"And then," Rachel observes, "the very next post is the 'thin blue line' with a heartfelt, thought-out caption that he said with his chest,"
"And to me, that is what you feel, and that is what you believe," Rachel emphasized.
"I don't think Garrett is malicious," she said, "but Garrett is what the problem is."
In other words, he is speaking more about some hurt feelings among armed and armored police than he is about the murders of black Americans.
He is not alone in that, but that doesn't make it a morally acceptable position to hold. It just isn't.
Becca spoke further on Instagram in a lengthy caption.
"This entire week has been the most difficult," she acknowledged of the pivotal week in US history.
Becca admitted that "quite frankly I’m anxious for the assortment of responses that will be sent about today’s BHH podcast."
"Ultimately I have to look beyond myself & my feelings," she emphasizes, "because what we cover in it is so much bigger & important than me."
"So with that preface, I’m going to take a moment to give some thoughts," Becca writes.
"Unfortunately," she adds, "I can’t say them all in 1 post, but I hope my future actions speak louder than any words I can say."
"Throughout the episode," Becca shares, "Rachel & I talk about what has been taking place across our country."
The two discuss "the Black Lives Matter Movement, underlying issues of white privilege, diversity, & changes that can take place within systems."
Becca notes that that included potential changes made within systems "like the Bachelor Franchise."
"This conversation was the hardest, most uncomfortable, but important ones that we’ve had," she states.
"I value my friendship with Rachel," Becca affirms. "I also value my partnership with Garrett. So this is really effing hard."
"As it should be." she notes. "I will be the first to admit that listening to this back, I came up short. Very short."
"I listen to this & wish I had said more, wish I could have expressed myself better," Becca writes.
She acknowledges that she wishes that she "could have given so much more than I did."
"I think to myself 'I didn’t ask the right questions,' 'I threw out the incorrect phrases,' 'I didn’t defend my fiance,'" Becca lists.
She also asks "'why couldn’t I back up my thought process better?' The list goes on & on. So where do I go from here?"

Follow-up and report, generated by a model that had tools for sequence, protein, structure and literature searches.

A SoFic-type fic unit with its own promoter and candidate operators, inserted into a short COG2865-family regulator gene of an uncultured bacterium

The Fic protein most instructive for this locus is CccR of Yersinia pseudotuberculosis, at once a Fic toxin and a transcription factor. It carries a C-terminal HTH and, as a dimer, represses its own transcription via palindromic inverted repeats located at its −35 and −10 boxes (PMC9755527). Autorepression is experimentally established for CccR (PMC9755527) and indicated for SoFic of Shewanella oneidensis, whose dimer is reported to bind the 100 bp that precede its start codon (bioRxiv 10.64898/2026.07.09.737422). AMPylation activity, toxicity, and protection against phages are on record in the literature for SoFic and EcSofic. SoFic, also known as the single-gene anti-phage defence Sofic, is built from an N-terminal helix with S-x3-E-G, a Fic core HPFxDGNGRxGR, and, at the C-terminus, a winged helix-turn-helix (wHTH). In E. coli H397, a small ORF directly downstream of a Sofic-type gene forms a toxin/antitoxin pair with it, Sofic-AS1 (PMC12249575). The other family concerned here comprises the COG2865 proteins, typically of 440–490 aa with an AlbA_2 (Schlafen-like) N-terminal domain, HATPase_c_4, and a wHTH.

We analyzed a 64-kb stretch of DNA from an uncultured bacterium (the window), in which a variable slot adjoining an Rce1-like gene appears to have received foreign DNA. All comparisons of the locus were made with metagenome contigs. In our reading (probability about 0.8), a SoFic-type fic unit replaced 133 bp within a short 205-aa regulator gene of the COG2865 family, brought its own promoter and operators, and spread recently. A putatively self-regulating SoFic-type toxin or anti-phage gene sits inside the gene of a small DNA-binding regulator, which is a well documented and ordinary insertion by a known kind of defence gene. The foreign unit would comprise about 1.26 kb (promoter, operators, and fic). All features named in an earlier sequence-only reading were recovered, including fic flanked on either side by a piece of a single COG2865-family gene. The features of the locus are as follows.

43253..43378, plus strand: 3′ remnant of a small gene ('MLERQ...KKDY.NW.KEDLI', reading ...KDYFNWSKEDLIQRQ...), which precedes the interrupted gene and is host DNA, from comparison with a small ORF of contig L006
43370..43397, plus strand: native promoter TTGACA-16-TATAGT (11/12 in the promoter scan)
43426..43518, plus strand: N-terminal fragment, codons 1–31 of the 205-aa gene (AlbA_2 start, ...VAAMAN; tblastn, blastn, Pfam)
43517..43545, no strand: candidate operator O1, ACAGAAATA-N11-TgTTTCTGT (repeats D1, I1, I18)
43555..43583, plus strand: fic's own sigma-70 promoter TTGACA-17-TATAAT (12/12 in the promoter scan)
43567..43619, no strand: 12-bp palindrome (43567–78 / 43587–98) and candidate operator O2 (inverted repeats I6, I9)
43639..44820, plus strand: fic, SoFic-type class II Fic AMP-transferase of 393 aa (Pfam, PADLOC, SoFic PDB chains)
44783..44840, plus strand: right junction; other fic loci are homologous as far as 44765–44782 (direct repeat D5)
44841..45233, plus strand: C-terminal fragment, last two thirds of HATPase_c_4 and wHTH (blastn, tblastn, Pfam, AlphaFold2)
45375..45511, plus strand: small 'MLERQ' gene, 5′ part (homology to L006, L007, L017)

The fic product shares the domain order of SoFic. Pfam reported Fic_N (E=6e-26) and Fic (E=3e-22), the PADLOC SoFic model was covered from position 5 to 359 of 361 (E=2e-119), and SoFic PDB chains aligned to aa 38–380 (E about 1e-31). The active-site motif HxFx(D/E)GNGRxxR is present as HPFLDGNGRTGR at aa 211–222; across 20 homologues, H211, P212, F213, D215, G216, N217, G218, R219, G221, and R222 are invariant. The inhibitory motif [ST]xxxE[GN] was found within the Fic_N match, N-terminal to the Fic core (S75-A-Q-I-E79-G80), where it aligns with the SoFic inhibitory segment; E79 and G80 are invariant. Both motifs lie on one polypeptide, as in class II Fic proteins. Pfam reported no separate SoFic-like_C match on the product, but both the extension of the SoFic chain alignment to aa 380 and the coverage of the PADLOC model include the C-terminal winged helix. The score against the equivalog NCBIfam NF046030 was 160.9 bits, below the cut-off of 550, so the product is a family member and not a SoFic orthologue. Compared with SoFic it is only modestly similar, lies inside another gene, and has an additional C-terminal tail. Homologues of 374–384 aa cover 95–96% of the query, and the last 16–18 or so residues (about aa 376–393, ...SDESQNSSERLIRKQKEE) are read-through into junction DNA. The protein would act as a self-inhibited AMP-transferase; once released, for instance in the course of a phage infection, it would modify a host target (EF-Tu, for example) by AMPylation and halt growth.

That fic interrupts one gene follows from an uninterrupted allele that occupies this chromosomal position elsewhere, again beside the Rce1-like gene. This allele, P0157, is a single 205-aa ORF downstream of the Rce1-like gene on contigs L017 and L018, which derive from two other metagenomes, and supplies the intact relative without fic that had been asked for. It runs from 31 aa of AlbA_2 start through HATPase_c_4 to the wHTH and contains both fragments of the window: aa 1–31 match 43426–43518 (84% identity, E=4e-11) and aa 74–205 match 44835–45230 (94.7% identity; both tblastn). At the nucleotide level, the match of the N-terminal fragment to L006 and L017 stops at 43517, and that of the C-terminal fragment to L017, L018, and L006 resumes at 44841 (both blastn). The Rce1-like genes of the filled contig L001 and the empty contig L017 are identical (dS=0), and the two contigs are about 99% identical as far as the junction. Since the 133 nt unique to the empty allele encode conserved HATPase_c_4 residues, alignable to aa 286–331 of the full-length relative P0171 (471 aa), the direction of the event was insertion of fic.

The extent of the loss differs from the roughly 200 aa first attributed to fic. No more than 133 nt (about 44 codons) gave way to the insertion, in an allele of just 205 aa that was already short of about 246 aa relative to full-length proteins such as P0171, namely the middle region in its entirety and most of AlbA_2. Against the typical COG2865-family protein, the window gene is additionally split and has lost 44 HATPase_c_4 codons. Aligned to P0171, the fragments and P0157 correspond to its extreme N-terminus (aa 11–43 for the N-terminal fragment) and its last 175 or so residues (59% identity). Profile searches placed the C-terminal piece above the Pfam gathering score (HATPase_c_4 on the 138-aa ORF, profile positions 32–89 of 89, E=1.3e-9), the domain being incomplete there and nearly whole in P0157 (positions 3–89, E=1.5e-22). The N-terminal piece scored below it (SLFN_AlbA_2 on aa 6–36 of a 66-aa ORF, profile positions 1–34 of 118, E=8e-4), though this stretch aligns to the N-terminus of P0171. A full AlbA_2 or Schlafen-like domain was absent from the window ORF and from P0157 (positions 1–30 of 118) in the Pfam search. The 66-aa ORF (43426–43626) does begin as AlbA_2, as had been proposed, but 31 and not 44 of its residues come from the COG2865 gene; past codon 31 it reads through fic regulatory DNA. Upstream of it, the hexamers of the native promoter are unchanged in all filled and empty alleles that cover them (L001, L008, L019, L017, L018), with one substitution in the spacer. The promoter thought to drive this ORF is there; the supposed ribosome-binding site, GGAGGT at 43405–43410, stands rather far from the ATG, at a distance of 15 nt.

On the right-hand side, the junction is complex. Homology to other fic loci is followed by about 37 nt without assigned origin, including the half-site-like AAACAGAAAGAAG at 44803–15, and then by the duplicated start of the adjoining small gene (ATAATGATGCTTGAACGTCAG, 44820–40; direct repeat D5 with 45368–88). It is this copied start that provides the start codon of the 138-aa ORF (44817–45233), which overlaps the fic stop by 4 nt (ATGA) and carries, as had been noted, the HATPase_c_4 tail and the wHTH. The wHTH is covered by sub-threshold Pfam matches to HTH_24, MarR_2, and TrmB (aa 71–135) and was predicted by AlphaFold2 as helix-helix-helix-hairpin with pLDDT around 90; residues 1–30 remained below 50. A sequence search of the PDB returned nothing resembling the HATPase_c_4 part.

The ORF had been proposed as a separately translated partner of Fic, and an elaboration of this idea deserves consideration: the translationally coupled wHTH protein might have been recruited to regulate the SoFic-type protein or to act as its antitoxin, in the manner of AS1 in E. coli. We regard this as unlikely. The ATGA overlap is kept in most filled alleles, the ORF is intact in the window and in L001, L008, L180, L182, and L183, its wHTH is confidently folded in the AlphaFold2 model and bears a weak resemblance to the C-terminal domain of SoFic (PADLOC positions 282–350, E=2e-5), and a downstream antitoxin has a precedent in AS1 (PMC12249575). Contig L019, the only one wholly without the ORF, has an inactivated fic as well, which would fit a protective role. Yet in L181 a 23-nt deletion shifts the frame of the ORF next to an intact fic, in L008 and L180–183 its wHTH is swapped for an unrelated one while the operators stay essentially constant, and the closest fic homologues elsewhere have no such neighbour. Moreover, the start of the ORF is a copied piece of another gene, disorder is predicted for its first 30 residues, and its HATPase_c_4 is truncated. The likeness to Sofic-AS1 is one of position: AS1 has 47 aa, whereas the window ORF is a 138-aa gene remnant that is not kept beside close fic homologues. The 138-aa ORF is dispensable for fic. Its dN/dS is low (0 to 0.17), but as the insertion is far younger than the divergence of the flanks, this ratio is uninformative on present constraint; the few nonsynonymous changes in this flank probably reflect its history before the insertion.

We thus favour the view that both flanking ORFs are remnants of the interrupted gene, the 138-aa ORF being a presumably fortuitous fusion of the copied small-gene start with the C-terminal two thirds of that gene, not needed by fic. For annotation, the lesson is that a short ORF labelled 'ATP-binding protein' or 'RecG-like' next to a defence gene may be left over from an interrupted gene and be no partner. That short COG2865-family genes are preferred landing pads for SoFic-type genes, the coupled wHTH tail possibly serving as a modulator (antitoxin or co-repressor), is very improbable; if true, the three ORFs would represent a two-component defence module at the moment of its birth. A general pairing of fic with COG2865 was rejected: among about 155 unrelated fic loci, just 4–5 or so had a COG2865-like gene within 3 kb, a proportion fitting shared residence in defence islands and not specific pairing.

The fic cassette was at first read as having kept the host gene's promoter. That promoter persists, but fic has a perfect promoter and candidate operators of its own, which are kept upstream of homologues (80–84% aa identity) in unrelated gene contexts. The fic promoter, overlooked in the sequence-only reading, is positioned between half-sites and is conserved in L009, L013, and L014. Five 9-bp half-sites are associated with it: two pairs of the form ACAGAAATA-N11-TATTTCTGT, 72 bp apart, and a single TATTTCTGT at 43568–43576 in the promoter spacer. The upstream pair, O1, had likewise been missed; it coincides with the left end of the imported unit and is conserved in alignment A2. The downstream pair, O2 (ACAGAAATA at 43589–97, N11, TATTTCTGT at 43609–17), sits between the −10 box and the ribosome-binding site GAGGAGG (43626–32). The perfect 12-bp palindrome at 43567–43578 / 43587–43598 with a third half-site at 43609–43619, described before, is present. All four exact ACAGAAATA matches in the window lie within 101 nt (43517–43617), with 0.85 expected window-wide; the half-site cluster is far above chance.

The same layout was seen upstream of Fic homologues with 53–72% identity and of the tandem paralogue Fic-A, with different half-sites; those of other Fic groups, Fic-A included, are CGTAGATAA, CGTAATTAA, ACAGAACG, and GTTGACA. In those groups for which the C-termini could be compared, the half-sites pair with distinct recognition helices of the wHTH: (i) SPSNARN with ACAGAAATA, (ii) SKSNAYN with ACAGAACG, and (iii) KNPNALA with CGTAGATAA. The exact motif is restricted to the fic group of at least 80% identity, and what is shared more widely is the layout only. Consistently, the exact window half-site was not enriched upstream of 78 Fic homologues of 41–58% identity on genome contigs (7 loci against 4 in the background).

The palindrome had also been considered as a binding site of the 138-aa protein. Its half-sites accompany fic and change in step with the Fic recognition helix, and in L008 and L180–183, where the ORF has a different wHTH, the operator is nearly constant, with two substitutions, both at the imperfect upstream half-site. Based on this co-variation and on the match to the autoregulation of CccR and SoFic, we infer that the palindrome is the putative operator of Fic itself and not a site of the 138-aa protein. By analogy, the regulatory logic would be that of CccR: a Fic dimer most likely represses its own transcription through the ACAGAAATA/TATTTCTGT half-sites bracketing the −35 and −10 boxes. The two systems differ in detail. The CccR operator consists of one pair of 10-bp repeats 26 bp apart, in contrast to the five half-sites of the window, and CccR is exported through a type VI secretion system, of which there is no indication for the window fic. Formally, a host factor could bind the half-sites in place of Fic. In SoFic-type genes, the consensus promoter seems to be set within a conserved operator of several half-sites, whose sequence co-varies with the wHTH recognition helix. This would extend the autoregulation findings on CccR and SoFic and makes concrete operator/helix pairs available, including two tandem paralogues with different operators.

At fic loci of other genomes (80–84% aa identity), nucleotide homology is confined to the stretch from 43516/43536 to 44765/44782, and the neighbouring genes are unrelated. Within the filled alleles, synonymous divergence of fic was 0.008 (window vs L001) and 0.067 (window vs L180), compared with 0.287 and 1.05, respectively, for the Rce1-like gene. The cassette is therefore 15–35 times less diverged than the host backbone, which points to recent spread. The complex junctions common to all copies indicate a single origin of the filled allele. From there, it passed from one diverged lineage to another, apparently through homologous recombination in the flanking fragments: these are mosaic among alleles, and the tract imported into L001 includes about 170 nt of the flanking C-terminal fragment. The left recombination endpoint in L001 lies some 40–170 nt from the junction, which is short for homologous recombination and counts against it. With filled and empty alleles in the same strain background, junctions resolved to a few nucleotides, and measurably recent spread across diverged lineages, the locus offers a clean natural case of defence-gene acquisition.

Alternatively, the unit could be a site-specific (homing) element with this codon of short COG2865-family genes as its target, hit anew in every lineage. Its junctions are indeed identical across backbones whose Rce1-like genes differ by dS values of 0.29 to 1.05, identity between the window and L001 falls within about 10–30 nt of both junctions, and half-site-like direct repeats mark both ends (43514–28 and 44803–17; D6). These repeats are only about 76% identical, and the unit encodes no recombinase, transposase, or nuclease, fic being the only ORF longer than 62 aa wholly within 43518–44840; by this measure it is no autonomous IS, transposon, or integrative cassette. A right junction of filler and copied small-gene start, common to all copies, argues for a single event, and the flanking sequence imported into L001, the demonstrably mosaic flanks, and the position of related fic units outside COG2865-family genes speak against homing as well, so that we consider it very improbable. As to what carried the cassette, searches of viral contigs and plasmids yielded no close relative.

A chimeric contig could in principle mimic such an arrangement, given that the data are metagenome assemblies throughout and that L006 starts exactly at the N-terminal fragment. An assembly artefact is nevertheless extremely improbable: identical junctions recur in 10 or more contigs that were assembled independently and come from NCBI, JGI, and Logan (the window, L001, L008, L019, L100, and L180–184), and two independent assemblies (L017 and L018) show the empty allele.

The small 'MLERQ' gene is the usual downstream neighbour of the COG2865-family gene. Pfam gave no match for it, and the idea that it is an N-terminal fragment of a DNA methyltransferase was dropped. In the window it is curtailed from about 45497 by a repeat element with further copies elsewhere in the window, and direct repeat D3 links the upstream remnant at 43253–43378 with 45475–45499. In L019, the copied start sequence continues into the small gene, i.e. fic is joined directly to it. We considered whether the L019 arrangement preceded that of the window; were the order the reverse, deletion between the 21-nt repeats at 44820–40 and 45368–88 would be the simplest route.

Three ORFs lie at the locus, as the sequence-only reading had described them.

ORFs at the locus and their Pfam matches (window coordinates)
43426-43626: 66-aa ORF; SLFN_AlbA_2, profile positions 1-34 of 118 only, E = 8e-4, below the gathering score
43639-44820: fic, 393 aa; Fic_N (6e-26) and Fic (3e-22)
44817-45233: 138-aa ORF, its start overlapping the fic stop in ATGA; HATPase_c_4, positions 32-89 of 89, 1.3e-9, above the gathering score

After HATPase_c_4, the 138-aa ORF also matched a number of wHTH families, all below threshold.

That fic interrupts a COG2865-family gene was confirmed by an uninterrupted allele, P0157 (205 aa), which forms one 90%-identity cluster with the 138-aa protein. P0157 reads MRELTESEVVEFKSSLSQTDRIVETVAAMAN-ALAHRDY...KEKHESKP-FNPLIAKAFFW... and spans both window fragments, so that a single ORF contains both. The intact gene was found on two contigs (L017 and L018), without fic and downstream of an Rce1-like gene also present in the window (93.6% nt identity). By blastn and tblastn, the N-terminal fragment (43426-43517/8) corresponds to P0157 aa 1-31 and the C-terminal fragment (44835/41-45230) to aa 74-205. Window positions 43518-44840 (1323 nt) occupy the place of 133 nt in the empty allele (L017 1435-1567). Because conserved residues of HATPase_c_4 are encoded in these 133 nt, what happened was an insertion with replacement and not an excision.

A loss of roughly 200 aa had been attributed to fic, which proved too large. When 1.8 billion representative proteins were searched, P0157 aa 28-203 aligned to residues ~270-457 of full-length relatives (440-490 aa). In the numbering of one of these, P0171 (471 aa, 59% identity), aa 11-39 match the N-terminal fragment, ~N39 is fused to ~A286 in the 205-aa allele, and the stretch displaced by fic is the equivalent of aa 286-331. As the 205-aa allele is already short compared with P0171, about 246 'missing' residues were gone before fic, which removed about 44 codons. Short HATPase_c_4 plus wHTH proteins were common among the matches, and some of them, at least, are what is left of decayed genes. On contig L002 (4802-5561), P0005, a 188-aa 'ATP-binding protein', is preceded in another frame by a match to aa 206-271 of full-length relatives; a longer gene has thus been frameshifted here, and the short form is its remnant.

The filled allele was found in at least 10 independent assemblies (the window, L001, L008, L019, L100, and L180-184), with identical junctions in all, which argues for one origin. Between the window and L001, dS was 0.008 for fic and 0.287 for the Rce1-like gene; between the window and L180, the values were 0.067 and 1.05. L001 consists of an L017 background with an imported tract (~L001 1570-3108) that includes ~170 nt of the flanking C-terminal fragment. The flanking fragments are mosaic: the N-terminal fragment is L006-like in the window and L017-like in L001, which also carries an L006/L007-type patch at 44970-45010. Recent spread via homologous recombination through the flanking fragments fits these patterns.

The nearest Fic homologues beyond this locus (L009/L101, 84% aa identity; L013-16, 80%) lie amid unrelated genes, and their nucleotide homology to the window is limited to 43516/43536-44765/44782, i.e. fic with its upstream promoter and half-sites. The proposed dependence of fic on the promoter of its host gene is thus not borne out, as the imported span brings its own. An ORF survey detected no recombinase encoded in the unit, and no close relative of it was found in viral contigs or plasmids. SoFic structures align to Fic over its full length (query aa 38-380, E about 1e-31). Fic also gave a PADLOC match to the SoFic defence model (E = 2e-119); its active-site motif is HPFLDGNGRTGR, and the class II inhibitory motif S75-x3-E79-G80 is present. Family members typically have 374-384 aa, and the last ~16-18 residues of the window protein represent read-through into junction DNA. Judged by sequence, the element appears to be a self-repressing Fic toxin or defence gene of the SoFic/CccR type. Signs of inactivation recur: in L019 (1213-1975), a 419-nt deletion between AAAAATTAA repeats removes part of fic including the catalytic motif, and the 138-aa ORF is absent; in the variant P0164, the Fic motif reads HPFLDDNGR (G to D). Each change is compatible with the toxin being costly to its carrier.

"I can’t re-record this episode. I can’t go back & change my words (or lack there of)," Becca writes.
She says "I can only try to move forward with what I believe is right, how to accept, be patient, & show care to others."
Becca adds "especially for those who are hurting most right now."
"It that starts with a heart change (as Rachel so eloquently put it at the end - so I hope you’ve all listened through)," she expresses.
"As an individual, I have the ability to use my voice, to use my platform," Becca says.
She can use her voice "to have uncomfortable conversations during time-changing moments like this because it matters. It’s important."
"Each day brings on a brand new challenge, conversation, & new lesson," Becca writes. "I welcome them & I hope you do too."
"If I’ve learned anything throughout these past 2 years, it’s that we have the beautiful capability to be better than the day before," Becca reflects.
"So that’s what I’m trying my damndest at," she concludes.
To be clear, no one is trying to strongarm Becca into breaking up with Garrett because he's transparently not a good person.
But people are disappointed that it's not a dealbreaker for her, and it does reflect upon her character, don't you think?
Meanwhile, Bekah Martinez is speaking about Garrett's nonsense on her own terms.
"I don’t know, I mean Becca’s Becca and Garrett’s Garrett,” Bekah told Ashley Iaconetti and Ben Higgins their own podcast.
“I love Becca and I have a lot of respect for her," she affirmed, before adding: "And Garrett is Garrett."
"I don’t particularly like Garrett," Bekah admitted, "and I’m not interested in having dinner with him." Oh, mood.